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Learning A Lesson -- H-1B Prevailing Wage Violation

The Department of Labor (DOL) recently penalized the Prince George's County school system for its failure to properly pay H-1B workers.  In the case of an H-1B worker, the employer must pay the employee at least the prevailing wage amount established for the position.  The prevailing wage system is designed to ensure that foreign labor is not used to lower the U.S. wage base in a given occupation.  While the announcement is unclear, the problematic issue for the school is likely to have been the requirement the H-1B worker pay some or all of the fees for the preparation of the H-1B application packages. 

Generally speaking, it can be permissible for the employer to require an employee to pay the legal fees associated with any H-1B filing so long as these costs do not effectively lower the employee's wage rate below the prevailing wage rate.  For purposes of compliance, H-1B employers should view the prevailing wage as the minimum wage for an H-1B employee.  In addition to the prevailing wage floor, employers with H-1B employees should also be mindful of how the H-1B employee's compensation compares to his/her peers in the job classification.  Dropping below one of these floors can create a backpay liability issue for an H-1B employer.  In addition to the attorneys' fees concerns, there is also a government filing fee cost associated with the H-1B program.  While a payment of the attorneys' fees amount can be permissible, employers are not permitted to require the employee to pay the government filing fees associated with the H-1B application process.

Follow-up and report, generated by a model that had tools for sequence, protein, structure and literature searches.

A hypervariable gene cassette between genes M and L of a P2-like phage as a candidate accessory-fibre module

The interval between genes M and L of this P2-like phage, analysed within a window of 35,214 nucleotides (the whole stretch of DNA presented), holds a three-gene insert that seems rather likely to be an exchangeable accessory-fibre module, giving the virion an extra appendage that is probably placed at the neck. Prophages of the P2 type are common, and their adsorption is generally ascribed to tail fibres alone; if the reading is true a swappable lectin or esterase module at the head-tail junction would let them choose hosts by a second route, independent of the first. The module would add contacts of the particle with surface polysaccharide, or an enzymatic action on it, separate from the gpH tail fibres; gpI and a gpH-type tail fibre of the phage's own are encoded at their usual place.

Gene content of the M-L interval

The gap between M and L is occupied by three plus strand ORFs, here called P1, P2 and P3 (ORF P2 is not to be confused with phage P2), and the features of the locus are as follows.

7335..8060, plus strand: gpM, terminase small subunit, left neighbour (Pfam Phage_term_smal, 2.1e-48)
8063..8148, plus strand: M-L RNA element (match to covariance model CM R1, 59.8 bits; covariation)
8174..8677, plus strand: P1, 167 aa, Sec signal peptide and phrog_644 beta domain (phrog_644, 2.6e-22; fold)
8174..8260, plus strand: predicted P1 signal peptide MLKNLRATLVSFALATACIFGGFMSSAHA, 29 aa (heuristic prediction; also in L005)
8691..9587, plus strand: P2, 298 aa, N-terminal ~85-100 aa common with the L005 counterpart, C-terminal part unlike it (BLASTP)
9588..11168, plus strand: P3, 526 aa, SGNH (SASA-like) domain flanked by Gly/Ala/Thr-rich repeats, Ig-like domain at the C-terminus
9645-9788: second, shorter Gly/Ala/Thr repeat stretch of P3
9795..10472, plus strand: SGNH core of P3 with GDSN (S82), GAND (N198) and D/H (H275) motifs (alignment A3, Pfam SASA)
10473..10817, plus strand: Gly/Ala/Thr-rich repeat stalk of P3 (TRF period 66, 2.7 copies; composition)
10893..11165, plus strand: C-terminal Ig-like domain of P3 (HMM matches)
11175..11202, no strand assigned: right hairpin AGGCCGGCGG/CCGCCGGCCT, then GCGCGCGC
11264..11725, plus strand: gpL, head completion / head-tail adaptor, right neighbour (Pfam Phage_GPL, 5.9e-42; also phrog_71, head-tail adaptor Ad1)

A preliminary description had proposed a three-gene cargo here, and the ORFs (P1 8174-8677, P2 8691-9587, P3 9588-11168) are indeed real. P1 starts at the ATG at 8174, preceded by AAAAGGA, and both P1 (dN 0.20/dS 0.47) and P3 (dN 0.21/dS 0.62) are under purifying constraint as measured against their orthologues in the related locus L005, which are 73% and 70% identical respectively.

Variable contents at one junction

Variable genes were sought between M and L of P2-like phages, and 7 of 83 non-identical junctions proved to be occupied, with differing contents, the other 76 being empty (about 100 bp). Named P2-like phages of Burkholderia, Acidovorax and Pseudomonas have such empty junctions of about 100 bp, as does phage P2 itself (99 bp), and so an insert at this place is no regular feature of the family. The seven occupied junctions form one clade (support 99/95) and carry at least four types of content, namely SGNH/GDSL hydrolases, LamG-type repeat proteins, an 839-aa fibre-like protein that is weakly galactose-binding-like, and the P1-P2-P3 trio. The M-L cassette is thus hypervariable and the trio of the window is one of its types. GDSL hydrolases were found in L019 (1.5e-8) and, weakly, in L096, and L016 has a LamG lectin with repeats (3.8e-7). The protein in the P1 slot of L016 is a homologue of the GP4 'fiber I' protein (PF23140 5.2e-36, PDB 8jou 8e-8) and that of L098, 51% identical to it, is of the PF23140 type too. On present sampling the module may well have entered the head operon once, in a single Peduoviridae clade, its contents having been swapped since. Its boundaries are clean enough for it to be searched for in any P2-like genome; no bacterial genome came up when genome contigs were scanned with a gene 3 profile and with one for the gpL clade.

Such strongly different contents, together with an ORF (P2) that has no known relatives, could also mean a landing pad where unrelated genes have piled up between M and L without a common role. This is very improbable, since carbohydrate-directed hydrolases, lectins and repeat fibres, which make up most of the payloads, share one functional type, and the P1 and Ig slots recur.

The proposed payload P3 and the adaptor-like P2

For the Department of Labor press relese click here.


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Don Berner, the Labor Law, OSHA, & Immigration Law Guy
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Boyd Byers, the General Employment Law Guy
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Jason Lacey, the Employee Benefits Guy
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